Time Warner Cable issued a statement saying it does not routinely turn over customer’s information to law enforcement. So, why is Lorena in deportation proceedings again?

Email Time Warner Cable at jack.stanley@twcable.com and susan.leepson@twcable.com and urge them to do the following:

- TWC should tell ICE to immediately close Lorena’s case because she should not be in deportation proceedings in the first place. TWC should release a statement of support for Lorena before her upcoming immigration court date on December 13th (TOMORROW at 8:30 am @ Immigration Court: 5701 Executive Center Drive, Suite 400. Charlotte, North Carolina 28212)

- TWC should also tell Senator Kay Hagan to intervene in the case of Lorena. Senator Hagan has the power to write a letter of support for Lorena addressed to ICE telling them to exercise favorable prosecutorial discretion.

Don’t forget to SIGN and SHARE the petition too!

Thanks for your support!

After the outpouring of community support, Time Warner Cable has told Lorena Yanez-Mata (A# 205-214-279) and her attorneys that her charges have been dropped.

In a statement sent over email, TWC said the following:

“TWC has no interest in charges being brought against Ms. Yanez-Mata.”

This is great news as it means your calls and emails have made the difference. However, Lorena still remains in deportation proceedings. Her second immigration court date is in just 2 days. Lorena could be torn apart from her 7 year old US citizen daughter simply because a TWC representative felt it was necessary to set up Lorena for deportation. So, we still need your help to make sure Lorena and her family can put this behind them and spend the holidays together.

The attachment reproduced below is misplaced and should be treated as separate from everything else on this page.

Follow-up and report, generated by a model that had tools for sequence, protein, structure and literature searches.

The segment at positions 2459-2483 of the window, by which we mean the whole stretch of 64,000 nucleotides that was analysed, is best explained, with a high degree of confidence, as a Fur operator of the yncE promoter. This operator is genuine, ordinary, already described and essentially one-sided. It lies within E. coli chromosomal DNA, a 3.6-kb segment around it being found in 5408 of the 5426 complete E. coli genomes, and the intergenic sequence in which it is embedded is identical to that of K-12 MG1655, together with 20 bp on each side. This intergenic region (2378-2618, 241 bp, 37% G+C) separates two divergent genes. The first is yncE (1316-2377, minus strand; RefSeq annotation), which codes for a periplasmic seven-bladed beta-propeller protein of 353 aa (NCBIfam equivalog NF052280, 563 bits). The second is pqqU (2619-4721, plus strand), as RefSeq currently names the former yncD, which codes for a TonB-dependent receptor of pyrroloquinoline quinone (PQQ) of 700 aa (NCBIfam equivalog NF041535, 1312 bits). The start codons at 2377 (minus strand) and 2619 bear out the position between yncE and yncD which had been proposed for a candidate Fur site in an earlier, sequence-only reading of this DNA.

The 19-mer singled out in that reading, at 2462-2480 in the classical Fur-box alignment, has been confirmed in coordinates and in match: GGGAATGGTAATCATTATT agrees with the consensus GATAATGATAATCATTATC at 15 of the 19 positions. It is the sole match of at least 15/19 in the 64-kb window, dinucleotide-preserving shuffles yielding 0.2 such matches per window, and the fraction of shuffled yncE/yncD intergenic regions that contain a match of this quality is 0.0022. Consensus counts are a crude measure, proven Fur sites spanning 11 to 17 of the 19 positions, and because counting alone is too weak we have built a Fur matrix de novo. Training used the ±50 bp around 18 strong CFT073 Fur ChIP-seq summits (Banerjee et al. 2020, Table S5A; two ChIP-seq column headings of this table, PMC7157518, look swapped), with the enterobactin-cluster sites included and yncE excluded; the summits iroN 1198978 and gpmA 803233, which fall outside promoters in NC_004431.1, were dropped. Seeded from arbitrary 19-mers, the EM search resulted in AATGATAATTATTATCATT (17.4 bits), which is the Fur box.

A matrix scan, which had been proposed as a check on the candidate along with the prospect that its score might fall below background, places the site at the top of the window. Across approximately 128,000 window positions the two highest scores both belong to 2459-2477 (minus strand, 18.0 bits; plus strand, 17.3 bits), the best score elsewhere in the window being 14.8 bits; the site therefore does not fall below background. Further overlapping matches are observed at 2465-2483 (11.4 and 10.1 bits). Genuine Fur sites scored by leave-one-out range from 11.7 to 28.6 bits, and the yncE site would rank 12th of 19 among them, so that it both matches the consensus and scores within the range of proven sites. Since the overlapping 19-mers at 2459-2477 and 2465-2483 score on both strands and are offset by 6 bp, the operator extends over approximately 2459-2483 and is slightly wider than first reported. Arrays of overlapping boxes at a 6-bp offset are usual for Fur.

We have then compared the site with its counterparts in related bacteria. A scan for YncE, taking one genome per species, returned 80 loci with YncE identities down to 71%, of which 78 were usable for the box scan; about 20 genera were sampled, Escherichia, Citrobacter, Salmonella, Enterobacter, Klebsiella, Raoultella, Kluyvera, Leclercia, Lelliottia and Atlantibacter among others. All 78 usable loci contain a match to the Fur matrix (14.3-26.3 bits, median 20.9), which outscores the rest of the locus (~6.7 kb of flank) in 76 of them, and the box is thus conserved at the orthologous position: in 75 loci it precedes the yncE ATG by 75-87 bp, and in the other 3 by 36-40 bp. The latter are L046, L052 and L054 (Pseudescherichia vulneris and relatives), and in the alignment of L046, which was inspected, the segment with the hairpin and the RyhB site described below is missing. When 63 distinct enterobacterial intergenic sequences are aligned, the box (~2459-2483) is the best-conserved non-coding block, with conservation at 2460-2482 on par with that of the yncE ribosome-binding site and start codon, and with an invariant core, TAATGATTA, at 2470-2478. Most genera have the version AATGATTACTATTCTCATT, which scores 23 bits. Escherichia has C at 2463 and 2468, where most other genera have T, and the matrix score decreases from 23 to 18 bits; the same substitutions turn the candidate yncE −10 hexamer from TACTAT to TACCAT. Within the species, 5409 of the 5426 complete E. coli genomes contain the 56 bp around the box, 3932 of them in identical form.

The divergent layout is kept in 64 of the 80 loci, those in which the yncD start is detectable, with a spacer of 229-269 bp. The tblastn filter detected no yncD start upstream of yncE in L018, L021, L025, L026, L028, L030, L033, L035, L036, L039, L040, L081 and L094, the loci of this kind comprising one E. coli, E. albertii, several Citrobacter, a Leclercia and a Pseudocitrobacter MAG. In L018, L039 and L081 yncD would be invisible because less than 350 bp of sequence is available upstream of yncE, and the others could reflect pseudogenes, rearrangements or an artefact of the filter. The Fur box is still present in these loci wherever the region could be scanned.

Email Time Warner Cable at jack.stanley@twcable.com and susan.leepson@twcable.com and tell them Lorena and her daughter still need 2 things from them:

- TWC should tell ICE to immediately close Lorena’s case because she should not be in deportation proceedings in the first place. TWC should release a statement of support for Lorena before her upcoming immigration court date on December 13th (in TWO days!)

- TWC should also tell Senator Kay Hagan to intervene in the case of Lorena. Senator Hagan has the power to write a letter of support for Lorena addressed to ICE telling them to exercise favorable prosecutorial discretion.

Lorena YANEZ-MATA & daughter

Also, if you haven’t yet, SIGN and SHARE Lorena’s petition! And we hope you’ll make it out to today’s rally at the Time Warner Cable office where Lorena was arrested: 316 Huffman Mill Road in Burlington at 3 pm. 

Thanks for your support, y’all!

On July 30, Lorena walked into the Alamance County Time Warner Cable office to apply for cable service. The representative who assisted her asked her to complete some paperwork and to present a form of identification. The representative went to her office for several minutes telling Lorena she was making copies of the paperwork. Finally, the representative came out and returned the I.D. and asked Lorena to pay for the deposit and first month of services. As soon as Lorena paid, a police officer came from the back room and arrested her. She was taken to Alamance County Jail and was then transferred to ICE custody and placed in deportation proceedings. She is scheduled to appear in court on December 13 and could be given a final order of deportation.